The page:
Making an Experience Shareable

 Some words that we use frequently and automatically are taken for granted. Recreation is one of those words. I don’t mean the concept I mean the actual word. We think of recreation is an activity, but delve into the language and what emerges is the idea of re-creation. Recreation is activity worthy of remembering, or re-creating in our minds. So, what makes an experience shareable?

The aim of any interaction with a Brand should be recreational. The experience should leave a a positive residue that is worthy of memory, and sharing. We want the audience to re-create the good points out loud… one-on-one or with social media. Naturally when we enjoy something we want to share the experience. Things seem more real, more tangible, when we can see and feel the reaction of others. Enjoyment validated is enjoyment experienced.

We share positive and negative experiences because we are social beings, meant to live in groups and watch each other’s backs. If we could travel in time back to pre-history, I would bet that our ancestors would engage in stories about happening upon a field of berry bushes (positive), or the time they startled a mama-bear (negative). These stories inevitably become exaggerated and embellished as they are retold. The net result is that they teach others what to seek and what to avoid.

Research by the Nobel Prize winner Daniel Kahneman speaks to the idea that we commit experiences to memory in specific ways. Kahneman’s discovery of our “experiencing selves versus remembering selves” tells us that an overall positive experience can be “ruined” in our memory because of one profoundly negative element. When we are in the moment we are engaged in consuming what is happening with our senses and responding. What Brands and experiences must connect with is the remembering self, that storytelling part of our memory that we can access and share. In Kahneman’s words, “what we get to keep from our experiences is a story.”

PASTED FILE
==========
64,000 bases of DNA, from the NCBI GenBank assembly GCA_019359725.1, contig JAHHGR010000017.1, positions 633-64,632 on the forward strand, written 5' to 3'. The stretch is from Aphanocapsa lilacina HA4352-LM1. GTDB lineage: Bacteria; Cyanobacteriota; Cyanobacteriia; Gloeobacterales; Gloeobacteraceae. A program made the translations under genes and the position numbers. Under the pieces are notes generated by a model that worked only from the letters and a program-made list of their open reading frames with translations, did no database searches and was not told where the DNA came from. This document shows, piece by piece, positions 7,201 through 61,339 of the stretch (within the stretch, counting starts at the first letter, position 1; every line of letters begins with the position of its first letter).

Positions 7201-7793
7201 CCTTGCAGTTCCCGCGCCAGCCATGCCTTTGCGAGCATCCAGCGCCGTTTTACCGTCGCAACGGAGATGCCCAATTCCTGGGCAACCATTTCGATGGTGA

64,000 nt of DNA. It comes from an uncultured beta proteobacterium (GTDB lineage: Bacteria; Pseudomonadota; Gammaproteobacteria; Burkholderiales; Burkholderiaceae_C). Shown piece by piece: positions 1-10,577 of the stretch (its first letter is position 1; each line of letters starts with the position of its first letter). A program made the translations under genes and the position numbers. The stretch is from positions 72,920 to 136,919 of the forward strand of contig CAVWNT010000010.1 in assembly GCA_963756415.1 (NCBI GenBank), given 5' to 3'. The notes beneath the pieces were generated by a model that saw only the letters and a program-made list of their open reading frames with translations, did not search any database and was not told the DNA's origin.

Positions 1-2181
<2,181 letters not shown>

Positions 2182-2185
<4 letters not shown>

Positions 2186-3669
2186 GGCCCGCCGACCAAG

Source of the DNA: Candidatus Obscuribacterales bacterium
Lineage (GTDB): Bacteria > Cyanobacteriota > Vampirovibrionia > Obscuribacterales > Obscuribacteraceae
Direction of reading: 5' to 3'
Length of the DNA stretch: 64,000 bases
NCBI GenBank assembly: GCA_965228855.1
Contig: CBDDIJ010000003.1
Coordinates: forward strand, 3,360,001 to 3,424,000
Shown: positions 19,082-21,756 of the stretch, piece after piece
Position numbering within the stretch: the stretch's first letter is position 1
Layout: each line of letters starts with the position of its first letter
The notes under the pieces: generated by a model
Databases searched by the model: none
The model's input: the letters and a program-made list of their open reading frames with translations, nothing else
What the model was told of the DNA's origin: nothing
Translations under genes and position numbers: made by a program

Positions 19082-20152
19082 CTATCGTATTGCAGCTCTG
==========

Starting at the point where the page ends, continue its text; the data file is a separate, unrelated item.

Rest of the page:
The challenge with Brands and experiences is not only to mitigate the negatives, but to prime the story and make it’s retelling more likely, and more salient. Much has been written about “storytelling” and it’s role in brand and marketing, but I want to add a different slant. We want our Brand to be a mentor, the customer to be a hero, and a transforming journey, but what storytelling “seeds” are we planting in the customer’s head for them to share. How can the experience provide a memorable landscape, populated with signature events and landmarks that can be re-created and re-told?

These experiential landmarks are key to creating memorable, and therefore sharable experiences. And to be really sticky in the memory, they need to be personal. The trap of many experience designs is that they reach for the “big bang”. They offer an initial value in the ability to be the new cool thing. The first folks who visited a Rainforest Cafe had a story to tell, but it was about the newness of the experience and getting credit for seeing it before others. After that the experience stories became about the food or the prices and a downward spiral ensued. There was no more storytelling fuel as the experience wasn’t personal, it was  “mass”. The signature event didn’t refresh or connect one-on-one with individuals. It was one gigantic landmark; an event.

Effective landmark experiences add up to a story versus explode all at once. And they provide a memorable context for personal experiences to happen. They can be architectural spaces, exciting merchandising and displays, scents and sounds, but the common denominator is that they must be unique to the brand, and play a supporting role to a personalized interaction.

An effective way to to think about a sharable experience design is to test the story-worthless via scripting the story you want told. Work the story back to the design and keep refining. What contexts need to be created and what personal interactions need to be orchestrated? The goal is to get to that pre-historic moment where the delights and amazement of finding the berries crowd out the unfortunate encounters with bears.